The first major switch is from the original’s Colorado-based Denver Carrington business empire to the South’s Atlanta-based Carrington Atlantic. This allows for an engaging twist and the second major change from the old to the new Dynasty: Blake Carrington’s rival family the Colbys (and other characters such as the chauffeur) are black. Other flipping includes Sammy Jo (Heather Locklear in the original), a trailer trash tramp in the Eighties, as Sammy Jo the gay South American hustler.
Both characters bear familial connection to the second Mrs. Blake Carrington, Krystle (Linda Evans) who’s now Cristal (Nathalie Kelley). There’s a clever tie-in to almost every original character. This includes Matthew and Claudia Blaisdell, the middle class oil rig couple, butler Joseph and his mentally unstable daughter Kirby, hunky driver Michael Culhane and both Fallon and Alexis Carrington, formerly brunettes and now blondes who are each more diabolical.
But they’re bad in a more realistic way. All the Carrington mayhem, scheming and manipulation unfolds through the lens of plausible betrayal, family and business. The larger than life mythology remains. Steven Carrington’s still gay in the new Dynasty, though he’s less the strong, silent type that Al Corley portrayed and more like a modern version of Oscar Wilde with left-leaning politics. Also look for Ted Dinard.
The plot follows its own course, with some thematic and specific rebooting for fans of the original and plenty of sexual, interracial, intercultural points. With more socially and politically pointed, sometimes astute, commentary and snappy, often realistic lines and consistent characterization, this new Dynasty is worth checking out for “escapist” type entertainment, nothing more.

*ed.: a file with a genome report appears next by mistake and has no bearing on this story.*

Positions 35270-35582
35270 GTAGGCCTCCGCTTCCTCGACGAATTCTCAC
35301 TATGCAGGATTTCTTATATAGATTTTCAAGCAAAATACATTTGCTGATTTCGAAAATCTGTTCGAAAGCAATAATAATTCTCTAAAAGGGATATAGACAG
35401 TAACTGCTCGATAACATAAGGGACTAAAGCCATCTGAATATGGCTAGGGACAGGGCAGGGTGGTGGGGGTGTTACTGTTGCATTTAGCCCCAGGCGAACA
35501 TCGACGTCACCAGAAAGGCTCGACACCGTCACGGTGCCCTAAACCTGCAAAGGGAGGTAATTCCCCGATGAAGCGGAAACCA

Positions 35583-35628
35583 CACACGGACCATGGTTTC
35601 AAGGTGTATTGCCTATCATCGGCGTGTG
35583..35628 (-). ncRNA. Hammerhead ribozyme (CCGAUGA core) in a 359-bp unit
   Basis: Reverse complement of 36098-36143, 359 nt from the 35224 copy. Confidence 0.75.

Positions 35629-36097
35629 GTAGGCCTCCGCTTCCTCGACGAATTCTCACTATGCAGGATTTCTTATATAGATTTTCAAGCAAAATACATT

Production values include stunningly, beautifully shot scenes. I especially like that the show begins many episodes with rich, elegant details of the inner workings of the Carrington home, which adds a degree of authenticity to the more ridiculous plots.
The cast is generally outstanding, even Nicollette Sheridan as Alexis (not appearing until later episodes), playing the character with more humor than the iconic Joan Collins portrayal. Veteran actor Grant Show (Swingtown, Melrose Place) is excellent as Blake Carrington. Show makes the industrialist more human and believable in one season than John Forsythe did during the entire original series’ run.
Kelley’s Cristal is more convincing as the second wife than as the executive type but she’s fine. Rafael de la Fuente as Sammy Jo adds camp. Elizabeth Gillies as Fallon, a dominant character in the first season, carries quite a plot load and mostly pulls it off. James Mackay as Steven is also spot on. Sam Adegoke as Jeff Colby brings his own flair and stands opposite of John James’ original benevolence, Alan Dale as Joseph makes the butler a full-fledged character with distinction and Robert Christopher Riley as Michael steals every scene.
One of my favorite summer movie experiences was seeing Grease when I was a kid in 1978. I think the Paramount film was my first major theatrical motion picture musical. I’d seen movie musicals on television. But Grease, which cast two major 1970s stars, a pop star whose songs I enjoyed on radio and a TV sitcom star, unleashed its sexual energy in a lush, bright but somewhat raunchy, colorful movie musical. It was extremely entertaining and not merely in a frivolous or mindless way. I write about why in a new, in-depth analysis of the 40-year-old film (read the article here).
Besides spring’s Love, Simon, which is still the year’s best movie I’ve seen, documentary filmmaker Morgan Neville’s Won’t You Be My Neighbor? merits 2018’s best movie consideration. The film impresses with an intelligent and poignant approach to its subject, the late Pittsburgh children’s television host Fred Rogers. His family and associates grant the moviemaker unprecedented access in what amounts to a timely, relevant and important, not flawless, non-fictional movie. Read my extensive new review of Won’t You Be My Neighbor? here.
Pixar’s satisfactory sequel, The Incredibles 2, also entertains, if by a lower standard than the forementioned movie. With a brief appearance by the designer character Edna Mode, who’s a kind of Q from the James Bond pictures in terms of gearing up the superhero, a role reversal and a subtle dig at Hollywood’s dogma du jour, this mostly manic, action-packed followup to a hit movie released 14 years ago fits the bill. Read my thoughts on The Incredibles 2, which opens this weekend, here.